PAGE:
Symptoms of Arrhythmias (Heart Rhythm Disturbances)

Most people don’t notice heart rhythm problems. The come and go, and are hard to predict. In most cases, the heart fixes its missteps and keeps beating as normal. But, in others, the missteps can last longer. This keeps the heart from working as it should. Long lasting issues can be caused by rhythm or other problems.

Symptoms of Conduction Problems

When your heart can’t keep up with your body’s needs, you may start to notice problems. The most common are:

  • Fluttering or skipped, extra, or hard heartbeats—palpitations
  • Heart beats to fast—tachycardia
  • Heart beats too slow—bradycardia
  • Feeling lightheaded
  • Fainting—syncope
  • Having weak muscles
  • Feeling tired
  • Problems with breathing
  • Problems thinking clearly—mild cognitive impairment

Symptoms of Ischemia

Ischemia is a restriction in blood flow. It can happen any place in the body, even the heart muscle. The heart and body need a certain amount of blood to work properly. A drop in blood flow can lead to:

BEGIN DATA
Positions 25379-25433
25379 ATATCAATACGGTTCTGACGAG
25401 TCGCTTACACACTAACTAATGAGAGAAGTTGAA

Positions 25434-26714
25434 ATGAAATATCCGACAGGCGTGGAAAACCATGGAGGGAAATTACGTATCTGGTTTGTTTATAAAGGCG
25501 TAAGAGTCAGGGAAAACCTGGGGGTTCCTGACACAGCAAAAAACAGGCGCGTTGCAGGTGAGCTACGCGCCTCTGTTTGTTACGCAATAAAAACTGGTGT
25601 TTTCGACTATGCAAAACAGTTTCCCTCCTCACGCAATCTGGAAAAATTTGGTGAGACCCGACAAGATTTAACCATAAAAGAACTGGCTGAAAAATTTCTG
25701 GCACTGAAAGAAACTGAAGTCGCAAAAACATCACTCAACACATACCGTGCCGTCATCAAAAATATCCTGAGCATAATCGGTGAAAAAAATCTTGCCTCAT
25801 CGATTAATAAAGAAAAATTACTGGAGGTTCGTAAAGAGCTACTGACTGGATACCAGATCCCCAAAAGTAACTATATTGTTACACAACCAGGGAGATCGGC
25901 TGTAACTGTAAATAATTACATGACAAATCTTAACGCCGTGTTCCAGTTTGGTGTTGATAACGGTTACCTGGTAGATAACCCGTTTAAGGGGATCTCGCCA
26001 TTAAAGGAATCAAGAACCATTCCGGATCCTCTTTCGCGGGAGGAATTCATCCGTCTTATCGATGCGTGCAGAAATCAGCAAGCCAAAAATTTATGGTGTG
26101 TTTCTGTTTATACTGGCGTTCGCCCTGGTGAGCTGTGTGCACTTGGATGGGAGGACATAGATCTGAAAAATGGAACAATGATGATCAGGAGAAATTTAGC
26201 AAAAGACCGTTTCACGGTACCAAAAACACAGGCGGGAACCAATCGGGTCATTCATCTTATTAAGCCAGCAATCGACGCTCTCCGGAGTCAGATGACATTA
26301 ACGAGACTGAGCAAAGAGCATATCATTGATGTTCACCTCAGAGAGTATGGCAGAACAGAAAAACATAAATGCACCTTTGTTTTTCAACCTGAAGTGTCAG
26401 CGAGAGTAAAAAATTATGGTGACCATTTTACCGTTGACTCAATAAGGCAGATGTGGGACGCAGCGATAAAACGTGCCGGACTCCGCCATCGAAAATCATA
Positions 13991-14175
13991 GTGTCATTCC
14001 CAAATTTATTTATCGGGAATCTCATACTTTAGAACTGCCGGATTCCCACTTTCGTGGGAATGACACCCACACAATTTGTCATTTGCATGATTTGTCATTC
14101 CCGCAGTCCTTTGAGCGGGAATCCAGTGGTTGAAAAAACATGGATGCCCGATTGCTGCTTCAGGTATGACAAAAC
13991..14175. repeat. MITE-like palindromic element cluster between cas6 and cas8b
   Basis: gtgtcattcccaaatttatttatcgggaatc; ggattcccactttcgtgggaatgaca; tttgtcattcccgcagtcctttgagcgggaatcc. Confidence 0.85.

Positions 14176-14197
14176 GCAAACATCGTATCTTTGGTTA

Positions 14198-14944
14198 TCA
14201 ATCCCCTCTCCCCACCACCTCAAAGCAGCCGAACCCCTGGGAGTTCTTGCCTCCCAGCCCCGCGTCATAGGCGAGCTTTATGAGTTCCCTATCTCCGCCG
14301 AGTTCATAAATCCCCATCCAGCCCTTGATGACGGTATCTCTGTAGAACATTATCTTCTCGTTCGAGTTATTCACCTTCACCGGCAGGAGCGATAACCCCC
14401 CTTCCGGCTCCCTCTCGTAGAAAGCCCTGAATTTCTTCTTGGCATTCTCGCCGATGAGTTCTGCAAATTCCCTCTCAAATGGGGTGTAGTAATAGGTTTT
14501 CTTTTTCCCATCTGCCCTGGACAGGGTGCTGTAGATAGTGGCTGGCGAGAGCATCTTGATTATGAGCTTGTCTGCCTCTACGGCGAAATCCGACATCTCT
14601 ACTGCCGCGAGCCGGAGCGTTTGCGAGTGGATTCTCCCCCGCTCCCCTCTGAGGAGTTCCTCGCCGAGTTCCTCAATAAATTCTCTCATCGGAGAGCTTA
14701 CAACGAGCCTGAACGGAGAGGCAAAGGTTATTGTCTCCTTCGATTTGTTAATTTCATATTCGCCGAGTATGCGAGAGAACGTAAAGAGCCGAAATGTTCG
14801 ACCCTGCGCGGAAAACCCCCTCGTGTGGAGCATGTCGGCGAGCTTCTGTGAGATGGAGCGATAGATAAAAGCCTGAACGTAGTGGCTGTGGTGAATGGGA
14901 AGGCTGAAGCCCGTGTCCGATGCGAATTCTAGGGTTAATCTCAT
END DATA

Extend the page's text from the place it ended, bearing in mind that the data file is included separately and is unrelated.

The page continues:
Over time, having lower blood flow can harm and scar the heart muscle. This can lead to arrhythmias.

Some arrhythmias you may feel are harmless, but others may cause a stroke, heart attack, sudden cardiac arrest, or death. If you have any of these, call for emergency medical services right away.



Arrhythmia. National Heart, Lung, and Blood Institute website. Available at: Accessed January 7, 2019.
Atrial fibrillation. EBSCO DynaMed Plus website. Available at: Updated August 22, 2018. Accessed January 7, 2019.
Symptoms, diagnosis and monitoring of arrhythmia. American Heart Association website. Accessed January 7, 2019.
Ventricular arrhythmias. EBSCO DynaMed Plus website. Available at: http://www.dynamed.... Updated October 19, 2018. Accessed January 7, 2019.
Ventricular tachycardia—approach to the patient. EBSCO DynaMed Plus website. Available at: http://www.dynamed.... Updated October 28, 2018. Accessed January 7, 2019.
Last reviewed December 2018 by EBSCO Medical Review Board Michael J. Fucci, DO, FACC
Last Updated: 1/7/2019

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